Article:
What your bank should do if you have a joint account and you split up – and why they may not

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If you and your partner have a joint account with an overdraft, a joint loan — or even a joint savings account — beware! Your bank may not do what it’s supposed to when you and your partner split up. I get regular emails and comments from women who’ve broken up with their partner and whose bank hasn’t been helpful — or worse — when they’ve asked what they can do to protect their finances.

What can happen?
I was contacted by Jo, who is splitting up with her husband. While they were married they’d not had debt problems, but Jo’s husband didn’t have a good credit history and had asked Jo to keep her name on the joint account while their finances were being sorted out to improve his.

Overdraft problems
Jo contacted SavvyWoman because her husband had applied for a £10,000 overdraft, without her knowledge, and had run up a debt of £2,700. When she went to her local Halifax branch, she was told there was nothing they could do. A month later she contacted the bank again, after her husband had withdrawn another £900 and, after being told a second time nothing could be done, took out £5,000 herself to stop her husband from using the whole £10,000 overdraft facility.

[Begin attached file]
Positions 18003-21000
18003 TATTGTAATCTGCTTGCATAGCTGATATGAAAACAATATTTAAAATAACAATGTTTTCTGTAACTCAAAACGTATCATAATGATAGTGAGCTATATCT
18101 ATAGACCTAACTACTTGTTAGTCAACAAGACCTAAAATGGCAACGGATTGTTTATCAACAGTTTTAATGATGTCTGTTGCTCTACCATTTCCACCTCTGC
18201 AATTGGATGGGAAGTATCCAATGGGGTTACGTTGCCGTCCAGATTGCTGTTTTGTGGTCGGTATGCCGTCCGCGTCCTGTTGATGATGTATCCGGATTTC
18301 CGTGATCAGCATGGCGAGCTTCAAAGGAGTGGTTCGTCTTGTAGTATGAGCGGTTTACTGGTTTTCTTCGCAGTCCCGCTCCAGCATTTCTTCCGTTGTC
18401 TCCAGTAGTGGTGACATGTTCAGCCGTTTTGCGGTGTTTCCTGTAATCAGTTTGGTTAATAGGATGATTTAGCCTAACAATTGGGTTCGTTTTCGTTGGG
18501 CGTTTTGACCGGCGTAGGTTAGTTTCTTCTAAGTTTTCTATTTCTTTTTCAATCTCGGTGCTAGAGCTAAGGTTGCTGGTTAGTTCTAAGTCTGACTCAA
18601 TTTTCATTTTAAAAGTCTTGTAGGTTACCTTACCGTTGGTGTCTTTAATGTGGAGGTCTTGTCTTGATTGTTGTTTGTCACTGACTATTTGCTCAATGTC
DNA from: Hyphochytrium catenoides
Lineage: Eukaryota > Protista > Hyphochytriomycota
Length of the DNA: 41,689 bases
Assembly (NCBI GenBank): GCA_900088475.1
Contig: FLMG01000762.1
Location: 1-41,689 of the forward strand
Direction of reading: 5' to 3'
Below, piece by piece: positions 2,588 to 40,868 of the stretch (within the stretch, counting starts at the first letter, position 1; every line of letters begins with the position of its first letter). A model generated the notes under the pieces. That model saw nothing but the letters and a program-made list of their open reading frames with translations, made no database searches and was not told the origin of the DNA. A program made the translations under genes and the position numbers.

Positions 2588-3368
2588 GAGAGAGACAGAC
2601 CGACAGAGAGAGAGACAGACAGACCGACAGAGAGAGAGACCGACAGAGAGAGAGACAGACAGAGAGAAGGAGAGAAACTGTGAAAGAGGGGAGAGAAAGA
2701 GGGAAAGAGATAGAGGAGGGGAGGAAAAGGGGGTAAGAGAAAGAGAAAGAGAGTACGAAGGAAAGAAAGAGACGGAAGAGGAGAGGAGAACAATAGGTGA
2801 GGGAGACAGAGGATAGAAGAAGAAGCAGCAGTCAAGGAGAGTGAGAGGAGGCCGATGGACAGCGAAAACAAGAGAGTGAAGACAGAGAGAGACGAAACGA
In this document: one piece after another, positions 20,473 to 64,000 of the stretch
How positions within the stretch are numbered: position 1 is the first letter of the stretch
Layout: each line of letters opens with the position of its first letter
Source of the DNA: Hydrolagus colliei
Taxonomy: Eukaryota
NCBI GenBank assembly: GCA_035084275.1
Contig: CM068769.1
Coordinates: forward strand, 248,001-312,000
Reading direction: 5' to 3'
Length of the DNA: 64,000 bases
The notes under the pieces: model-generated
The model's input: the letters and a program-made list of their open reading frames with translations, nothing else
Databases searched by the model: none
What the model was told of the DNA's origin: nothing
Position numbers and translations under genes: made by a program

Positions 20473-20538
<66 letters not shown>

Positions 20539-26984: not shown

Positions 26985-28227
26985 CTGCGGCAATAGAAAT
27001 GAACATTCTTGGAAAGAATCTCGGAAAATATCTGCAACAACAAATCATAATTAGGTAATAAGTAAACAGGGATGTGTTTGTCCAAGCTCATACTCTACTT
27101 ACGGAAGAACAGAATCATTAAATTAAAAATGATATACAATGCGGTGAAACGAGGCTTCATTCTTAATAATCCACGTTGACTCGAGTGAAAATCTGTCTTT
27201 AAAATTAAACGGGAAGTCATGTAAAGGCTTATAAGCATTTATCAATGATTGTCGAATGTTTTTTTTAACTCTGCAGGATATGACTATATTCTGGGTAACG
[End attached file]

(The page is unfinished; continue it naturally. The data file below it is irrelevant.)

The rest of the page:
Halifax froze her account some weeks later and, when she complained, offered her £50 in compensation and waived overdraft charges. Since I contacted Halifax on Jo’s behalf, they’ve increased this offer to £150. I found Jo’s case pretty shocking and think Halifax should not pursue Jo for the £900 that her husband withdrew after she told the bank about the dispute.

What banks should do
Banks should take reasonable steps to help couples manage joint accounts if they are splitting up or if there is a dispute. This means that if you ring your bank or go t the local branch and say you’re in dispute:

  • They should offer to convert the account to one where both of you have to agree any transactions, or
  • They should offer to freeze the account.

SAVVY TIP: Bear in mind that if you freeze an account, both of you have to agree to unfreeze it. That means that if your partner or husband wants to make your life difficult, they can refuse to agree to unfreeze an account and you wouldn’t be able to access any of the money that is in it.

What banks do